“In the event of an incident including an active shooter, Public Safety has protocols in place and the ability to immediately alert the entire campus community via a mass text/email blast with specific advisements and instructions,” Fevola said. “Those messages can also be used to continuously update the community, alert individuals what areas they should stay away from, and what to do, including the “Run/Hide/ Fight” protocols.” The Pioneer reported that the “Run/Hide/Fight” protocol was instituted in February 2017. “[It was] not in response to something happening, just to keep the campus safe,” Dr. John Lutz, English professor and chair of the faculty council, said in The Pioneer’s article, “Stop, Drop, Roll” published on Feb. 15, 2017. Lutz said, at the time, that faculty members had expressed an interest in learning more about campus procedures during an emergency, which led to a meeting for faculty on Feb. 1. At the meeting, Paul Rapess, the former director of Public Safety who retired last summer, discussed the new procedure, which implemented to keep up to date with happenings.
The Public Safety department routinely conducts joint training exercises with the Old Brookville and Old Westbury Police Departments on campus. With this training in place, local police have a better feel for the campus during emergency situations.
According to LIU Post’s CampusFirearms & Weapons Policy, which is available on the LIU website under ‘University Policies,’ says “the possession of dangerous weapons, including any pistol, revolver, an incendiary bomb, switchblade, dagger or bludgeon, as well as harmless instruments designed to look like weapons are prohibited” on campus. “Other than police officers or military personnel on active duty, no person, including a licensee, may possess rearms anywhere on campus, whether in a building or on the grounds, without the prior written permission of the campus Provost and Director of Public Safety.” Violators of this policy will be subject to immediate disciplinary action and potential criminal prosecution. LIU Post strictly enforces its campus gun policy. As The Pioneer reported several years ago, on Nov. 17, 2011, a 72-year-old criminal justice adjunct professor accidentally shot himself in the groin and leg before his class. Although he was a retired Fire Marshall licensed to carry a weapon, the no weapons policy on campus was strictly enforced and he no longer teaches at LIU Post.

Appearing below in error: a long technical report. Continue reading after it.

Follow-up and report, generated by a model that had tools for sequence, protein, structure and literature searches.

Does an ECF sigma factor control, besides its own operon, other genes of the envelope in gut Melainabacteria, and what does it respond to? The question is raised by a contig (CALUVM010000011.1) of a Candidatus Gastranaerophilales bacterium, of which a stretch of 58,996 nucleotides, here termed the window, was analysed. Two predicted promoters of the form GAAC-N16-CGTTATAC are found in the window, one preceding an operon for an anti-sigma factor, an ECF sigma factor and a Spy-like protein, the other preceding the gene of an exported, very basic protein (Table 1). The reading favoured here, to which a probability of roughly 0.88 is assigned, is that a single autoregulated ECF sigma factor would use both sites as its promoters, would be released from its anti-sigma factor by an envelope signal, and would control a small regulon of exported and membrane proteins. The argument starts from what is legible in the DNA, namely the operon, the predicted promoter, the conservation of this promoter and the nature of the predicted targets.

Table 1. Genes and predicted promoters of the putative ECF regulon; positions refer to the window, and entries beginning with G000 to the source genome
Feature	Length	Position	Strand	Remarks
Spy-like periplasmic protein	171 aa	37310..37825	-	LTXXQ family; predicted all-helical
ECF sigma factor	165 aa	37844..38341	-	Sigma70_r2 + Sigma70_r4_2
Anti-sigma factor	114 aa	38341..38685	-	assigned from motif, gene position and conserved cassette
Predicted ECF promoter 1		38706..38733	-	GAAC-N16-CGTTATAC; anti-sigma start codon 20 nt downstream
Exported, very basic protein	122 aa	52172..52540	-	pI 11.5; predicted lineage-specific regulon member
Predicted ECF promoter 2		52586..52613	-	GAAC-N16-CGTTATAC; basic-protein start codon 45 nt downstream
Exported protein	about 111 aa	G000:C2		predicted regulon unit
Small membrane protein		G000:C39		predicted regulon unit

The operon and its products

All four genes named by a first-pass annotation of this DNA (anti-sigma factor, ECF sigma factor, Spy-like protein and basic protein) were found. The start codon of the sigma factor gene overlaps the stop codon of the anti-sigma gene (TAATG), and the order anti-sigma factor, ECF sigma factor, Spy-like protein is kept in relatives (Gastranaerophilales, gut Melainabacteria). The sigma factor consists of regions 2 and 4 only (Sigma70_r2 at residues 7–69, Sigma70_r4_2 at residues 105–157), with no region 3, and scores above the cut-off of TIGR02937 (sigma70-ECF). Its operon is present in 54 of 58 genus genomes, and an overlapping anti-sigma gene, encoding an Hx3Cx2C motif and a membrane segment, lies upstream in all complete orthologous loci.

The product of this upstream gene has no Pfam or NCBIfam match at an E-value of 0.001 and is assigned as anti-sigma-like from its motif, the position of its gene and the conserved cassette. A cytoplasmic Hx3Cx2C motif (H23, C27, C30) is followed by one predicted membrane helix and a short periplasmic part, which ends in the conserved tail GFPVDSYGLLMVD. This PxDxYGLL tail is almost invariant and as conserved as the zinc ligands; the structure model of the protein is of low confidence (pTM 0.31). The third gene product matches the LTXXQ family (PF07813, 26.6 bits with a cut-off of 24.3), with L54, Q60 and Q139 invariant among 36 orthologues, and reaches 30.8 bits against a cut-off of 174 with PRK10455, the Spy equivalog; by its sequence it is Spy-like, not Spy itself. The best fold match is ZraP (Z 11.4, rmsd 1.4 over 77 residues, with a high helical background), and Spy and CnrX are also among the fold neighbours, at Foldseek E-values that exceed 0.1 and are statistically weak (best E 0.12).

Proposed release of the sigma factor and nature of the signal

Katherine Hill-Miller, English professor and former dean of the College of Liberal Arts & Sciences suggests every student and staff member should sign up for the Public Safety alerts, and said she would follow direction from Public Safety in an emergency.
“My first action would be to check for the text message and follow its directions,” Hill-Miller said. “If a message hadn’t come through, I’d assume that the incident hadn’t been reported, so I’d dial 911 first and then call campus security. Barring any information from anybody, I’d evaluate the situation—if the shooter was close, I’d gather students away from windows and doors in the classroom.”
Freshman education major Amanda Iovino agrees that the public safety alerts would come in handy in times of danger. “The texts are very useful in times of bad weather, and I think if [a school shooting] was to happen, the texts would be crucial.”
Fevola advises students and staff members to always be alert to their surroundings. While school shootings do not happen very often, he stressed that anything could happen, and one person reporting a suspicious person could potentially save lives.
“Stay vigilant and follow the old adage ‘see something, say something,’” Fevola said. “Any odd or unusual behavior should be reported to Public Safety, and we always protect [the] anonymity of the caller.”